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Bruce v. McCain

United States District Court, E.D. Louisiana

March 28, 2017

KERRY BRUCE
v.
SANDY MCCAIN, WARDEN

         SECTION “B” (5)

          ORDER AND REASONS

         I. NATURE OF MOTION AND RELIEF SOUGHT

         Before the Court is Petitioner Kerry Bruce's pro se application for a writ of habeas corpus under 28 U.S.C. § 2254. Rec. Doc. 1 at 1. The matter was referred to United States Magistrate Judge Michael B. North to conduct a hearing. He subsequently issued a Report and Recommendation (Report) to dismiss the petition with prejudice. Rec. Doc. 14 at 1. In response to the Report, Petitioner timely filed objections. Rec. Doc. 15. For the reasons outlined below, IT IS ORDERED that the objections are OVERRULED.

         IT IS FURTHER ORDERED that the Report is ADOPTED.

         IT IS FURTHER ORDERED that Petitioner's claims are DISMISSED WITH PREJUDICE.

         II. FACTUAL BACKGROUND AND PROCEDURAL HISTORY

         On June 18, 2012, Petitioner pled guilty to attempted second-degree murder and possession of a firearm while in the commission of a crime of violence. Rec. Doc. 14 at 1. In accordance with the plea agreement, the trial court sentenced Petitioner to twenty- five (25) years imprisonment for count one, attempted second- degree murder, and ten (10) years imprisonment for count two, possession of a firearm during the commission of a crime of violence. Id. at 1-2. The trial court ordered the sentences to run concurrently, without benefits, but with credit for time served. Rec. Doc. 1-1 at 27.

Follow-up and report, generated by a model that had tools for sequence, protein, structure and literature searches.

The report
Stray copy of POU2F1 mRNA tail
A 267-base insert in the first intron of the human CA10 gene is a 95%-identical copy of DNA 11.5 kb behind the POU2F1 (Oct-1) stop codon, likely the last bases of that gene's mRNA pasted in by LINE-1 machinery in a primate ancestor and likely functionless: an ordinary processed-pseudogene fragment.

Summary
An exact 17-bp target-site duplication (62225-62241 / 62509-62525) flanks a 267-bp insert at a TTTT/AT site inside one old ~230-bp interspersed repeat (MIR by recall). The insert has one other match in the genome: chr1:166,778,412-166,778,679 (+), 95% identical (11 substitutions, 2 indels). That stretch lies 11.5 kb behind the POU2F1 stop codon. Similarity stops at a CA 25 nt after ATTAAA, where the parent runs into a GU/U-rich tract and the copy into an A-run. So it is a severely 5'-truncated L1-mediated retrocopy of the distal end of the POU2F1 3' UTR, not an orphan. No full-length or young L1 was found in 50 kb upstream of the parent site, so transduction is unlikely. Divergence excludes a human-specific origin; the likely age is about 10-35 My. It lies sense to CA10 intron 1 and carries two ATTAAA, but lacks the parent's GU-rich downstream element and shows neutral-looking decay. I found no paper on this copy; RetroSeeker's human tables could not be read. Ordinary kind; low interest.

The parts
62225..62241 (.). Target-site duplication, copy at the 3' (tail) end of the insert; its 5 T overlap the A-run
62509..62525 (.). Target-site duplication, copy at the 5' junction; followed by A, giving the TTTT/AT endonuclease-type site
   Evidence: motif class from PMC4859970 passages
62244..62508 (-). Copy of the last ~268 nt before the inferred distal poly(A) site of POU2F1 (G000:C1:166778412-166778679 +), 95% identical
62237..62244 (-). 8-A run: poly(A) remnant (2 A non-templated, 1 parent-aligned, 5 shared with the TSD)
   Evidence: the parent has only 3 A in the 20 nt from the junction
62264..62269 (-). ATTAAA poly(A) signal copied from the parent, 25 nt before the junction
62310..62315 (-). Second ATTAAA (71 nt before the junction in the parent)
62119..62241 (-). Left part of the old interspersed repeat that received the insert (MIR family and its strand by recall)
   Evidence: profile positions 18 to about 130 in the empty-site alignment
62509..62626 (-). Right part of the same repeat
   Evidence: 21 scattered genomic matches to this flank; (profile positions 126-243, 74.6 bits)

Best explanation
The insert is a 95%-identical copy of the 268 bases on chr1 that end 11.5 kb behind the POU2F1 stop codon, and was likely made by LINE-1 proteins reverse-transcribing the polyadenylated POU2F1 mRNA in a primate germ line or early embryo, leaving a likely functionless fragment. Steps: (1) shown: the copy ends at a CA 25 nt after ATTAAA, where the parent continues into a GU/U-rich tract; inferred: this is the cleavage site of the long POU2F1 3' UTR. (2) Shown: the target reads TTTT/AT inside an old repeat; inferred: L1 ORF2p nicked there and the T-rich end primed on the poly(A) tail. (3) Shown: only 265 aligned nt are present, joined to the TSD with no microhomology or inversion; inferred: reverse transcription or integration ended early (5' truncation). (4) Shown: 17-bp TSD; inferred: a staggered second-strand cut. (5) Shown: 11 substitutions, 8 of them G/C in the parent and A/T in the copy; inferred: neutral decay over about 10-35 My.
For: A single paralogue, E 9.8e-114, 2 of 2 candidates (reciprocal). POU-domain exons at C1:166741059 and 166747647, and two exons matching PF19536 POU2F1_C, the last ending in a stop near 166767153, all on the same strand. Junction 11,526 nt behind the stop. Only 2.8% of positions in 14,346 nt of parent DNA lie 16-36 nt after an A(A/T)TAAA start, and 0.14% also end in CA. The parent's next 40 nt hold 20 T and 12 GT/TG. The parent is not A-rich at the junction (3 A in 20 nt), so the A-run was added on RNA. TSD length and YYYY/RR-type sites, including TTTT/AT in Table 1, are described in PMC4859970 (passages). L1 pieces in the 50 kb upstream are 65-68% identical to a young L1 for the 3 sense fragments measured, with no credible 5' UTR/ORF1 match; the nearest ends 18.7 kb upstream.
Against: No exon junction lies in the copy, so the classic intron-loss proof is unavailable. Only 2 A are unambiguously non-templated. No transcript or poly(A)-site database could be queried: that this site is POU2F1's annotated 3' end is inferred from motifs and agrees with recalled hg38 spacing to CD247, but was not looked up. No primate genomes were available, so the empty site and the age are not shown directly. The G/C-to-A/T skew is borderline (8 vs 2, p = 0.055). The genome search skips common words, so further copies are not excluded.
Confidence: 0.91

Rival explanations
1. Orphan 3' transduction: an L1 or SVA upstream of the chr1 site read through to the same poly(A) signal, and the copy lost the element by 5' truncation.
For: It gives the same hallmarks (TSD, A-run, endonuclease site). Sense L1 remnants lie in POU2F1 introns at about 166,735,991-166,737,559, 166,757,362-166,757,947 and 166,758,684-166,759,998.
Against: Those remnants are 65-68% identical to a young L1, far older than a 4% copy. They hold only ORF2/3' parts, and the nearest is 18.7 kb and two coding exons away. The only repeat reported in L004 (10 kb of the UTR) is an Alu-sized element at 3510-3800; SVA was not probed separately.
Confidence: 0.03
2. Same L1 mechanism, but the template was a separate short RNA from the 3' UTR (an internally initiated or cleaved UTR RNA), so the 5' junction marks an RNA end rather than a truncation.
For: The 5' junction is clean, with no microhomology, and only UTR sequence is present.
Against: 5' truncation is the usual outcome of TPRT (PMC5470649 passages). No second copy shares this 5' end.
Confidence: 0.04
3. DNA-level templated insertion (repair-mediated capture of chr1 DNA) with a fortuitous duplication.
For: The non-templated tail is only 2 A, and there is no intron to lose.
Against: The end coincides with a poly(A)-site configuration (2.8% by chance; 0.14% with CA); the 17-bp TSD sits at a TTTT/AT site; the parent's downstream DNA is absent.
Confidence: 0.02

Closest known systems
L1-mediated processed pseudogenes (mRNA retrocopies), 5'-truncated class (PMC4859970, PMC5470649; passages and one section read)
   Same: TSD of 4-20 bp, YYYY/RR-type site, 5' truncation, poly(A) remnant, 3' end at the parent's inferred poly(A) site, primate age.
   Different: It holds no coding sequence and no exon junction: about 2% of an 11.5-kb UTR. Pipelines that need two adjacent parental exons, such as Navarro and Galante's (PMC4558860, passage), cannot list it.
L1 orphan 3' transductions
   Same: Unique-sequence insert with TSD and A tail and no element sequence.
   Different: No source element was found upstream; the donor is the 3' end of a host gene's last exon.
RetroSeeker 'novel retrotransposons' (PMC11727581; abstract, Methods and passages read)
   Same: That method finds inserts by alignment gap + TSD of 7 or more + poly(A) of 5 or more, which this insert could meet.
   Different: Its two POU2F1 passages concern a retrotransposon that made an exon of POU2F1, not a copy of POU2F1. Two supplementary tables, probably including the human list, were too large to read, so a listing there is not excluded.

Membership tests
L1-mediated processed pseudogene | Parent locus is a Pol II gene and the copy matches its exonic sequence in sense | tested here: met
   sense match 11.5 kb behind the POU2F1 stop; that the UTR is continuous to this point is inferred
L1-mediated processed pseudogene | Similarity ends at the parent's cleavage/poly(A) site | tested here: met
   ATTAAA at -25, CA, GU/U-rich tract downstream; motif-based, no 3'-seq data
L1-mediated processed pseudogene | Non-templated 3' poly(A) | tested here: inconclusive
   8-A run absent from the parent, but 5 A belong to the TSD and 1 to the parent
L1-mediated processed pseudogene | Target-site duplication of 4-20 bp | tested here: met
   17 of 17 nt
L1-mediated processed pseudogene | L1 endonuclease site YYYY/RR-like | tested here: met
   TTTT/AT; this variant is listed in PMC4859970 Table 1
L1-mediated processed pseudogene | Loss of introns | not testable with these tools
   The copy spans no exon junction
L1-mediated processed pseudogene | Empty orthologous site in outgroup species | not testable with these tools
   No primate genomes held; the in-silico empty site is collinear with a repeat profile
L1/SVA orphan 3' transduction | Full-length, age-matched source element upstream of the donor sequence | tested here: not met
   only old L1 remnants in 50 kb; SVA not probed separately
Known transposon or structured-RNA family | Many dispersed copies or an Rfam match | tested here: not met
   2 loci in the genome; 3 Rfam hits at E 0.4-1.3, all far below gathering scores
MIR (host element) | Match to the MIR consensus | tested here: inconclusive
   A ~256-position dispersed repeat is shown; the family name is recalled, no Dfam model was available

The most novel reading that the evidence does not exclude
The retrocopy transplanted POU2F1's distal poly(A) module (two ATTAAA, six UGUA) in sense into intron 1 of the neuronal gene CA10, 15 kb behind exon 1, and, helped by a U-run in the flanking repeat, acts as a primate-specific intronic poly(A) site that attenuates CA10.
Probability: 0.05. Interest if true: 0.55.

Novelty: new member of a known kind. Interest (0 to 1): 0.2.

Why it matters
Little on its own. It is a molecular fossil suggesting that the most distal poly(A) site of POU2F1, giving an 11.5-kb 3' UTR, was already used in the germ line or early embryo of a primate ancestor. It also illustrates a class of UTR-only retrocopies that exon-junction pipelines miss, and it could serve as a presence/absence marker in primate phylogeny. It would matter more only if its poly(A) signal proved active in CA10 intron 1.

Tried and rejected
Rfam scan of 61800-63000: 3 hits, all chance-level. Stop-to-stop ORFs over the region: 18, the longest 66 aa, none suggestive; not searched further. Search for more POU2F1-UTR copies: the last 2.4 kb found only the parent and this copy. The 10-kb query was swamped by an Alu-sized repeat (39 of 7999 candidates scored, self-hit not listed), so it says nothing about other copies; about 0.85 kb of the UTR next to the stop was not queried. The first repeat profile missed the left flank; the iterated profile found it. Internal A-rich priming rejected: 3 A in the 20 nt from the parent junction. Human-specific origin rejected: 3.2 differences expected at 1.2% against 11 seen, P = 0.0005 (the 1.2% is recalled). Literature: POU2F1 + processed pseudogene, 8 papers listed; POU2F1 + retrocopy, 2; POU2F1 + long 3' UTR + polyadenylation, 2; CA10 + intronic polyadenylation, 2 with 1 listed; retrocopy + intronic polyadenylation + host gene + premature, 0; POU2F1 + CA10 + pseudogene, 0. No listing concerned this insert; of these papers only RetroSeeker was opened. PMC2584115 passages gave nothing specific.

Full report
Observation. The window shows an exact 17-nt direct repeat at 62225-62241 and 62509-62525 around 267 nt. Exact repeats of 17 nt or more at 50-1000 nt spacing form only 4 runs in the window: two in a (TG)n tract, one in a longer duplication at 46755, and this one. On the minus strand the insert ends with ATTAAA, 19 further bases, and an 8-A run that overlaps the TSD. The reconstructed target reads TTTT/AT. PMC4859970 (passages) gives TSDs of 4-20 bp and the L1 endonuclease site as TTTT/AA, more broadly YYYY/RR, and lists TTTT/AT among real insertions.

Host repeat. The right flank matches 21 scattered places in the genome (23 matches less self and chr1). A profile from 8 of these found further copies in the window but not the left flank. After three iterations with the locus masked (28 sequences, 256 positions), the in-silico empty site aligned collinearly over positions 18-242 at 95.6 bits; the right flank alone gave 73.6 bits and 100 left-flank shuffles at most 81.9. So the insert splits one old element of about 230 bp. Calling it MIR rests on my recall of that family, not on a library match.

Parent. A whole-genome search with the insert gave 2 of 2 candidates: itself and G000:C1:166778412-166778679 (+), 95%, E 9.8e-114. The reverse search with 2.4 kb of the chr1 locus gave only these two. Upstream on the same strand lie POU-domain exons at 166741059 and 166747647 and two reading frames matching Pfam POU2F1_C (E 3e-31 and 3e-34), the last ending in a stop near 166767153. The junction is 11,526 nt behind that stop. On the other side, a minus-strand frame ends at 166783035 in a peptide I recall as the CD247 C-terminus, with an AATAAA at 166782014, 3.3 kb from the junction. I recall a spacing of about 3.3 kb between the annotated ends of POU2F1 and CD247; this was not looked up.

The State then filed a multiple offender bill of information against Petitioner, pursuant to Louisiana Revised Statute section 15:529.1, seeking to have defendant adjudicated as a second felony offender. State v. Bruce 121 So.3d 796, 797 (La.App. 5 Cir. 2013). After Petitioner entered a guilty plea to the multiple offender bill, the trial court vacated its original sentence as to count one, attempted second-degree murder, and resentenced Petitioner as a habitual offender to twenty-five (25) years at hard labor, without the benefit of probation or suspension of sentence, but with credit for time served. Rec. Doc. 1 at 29-30.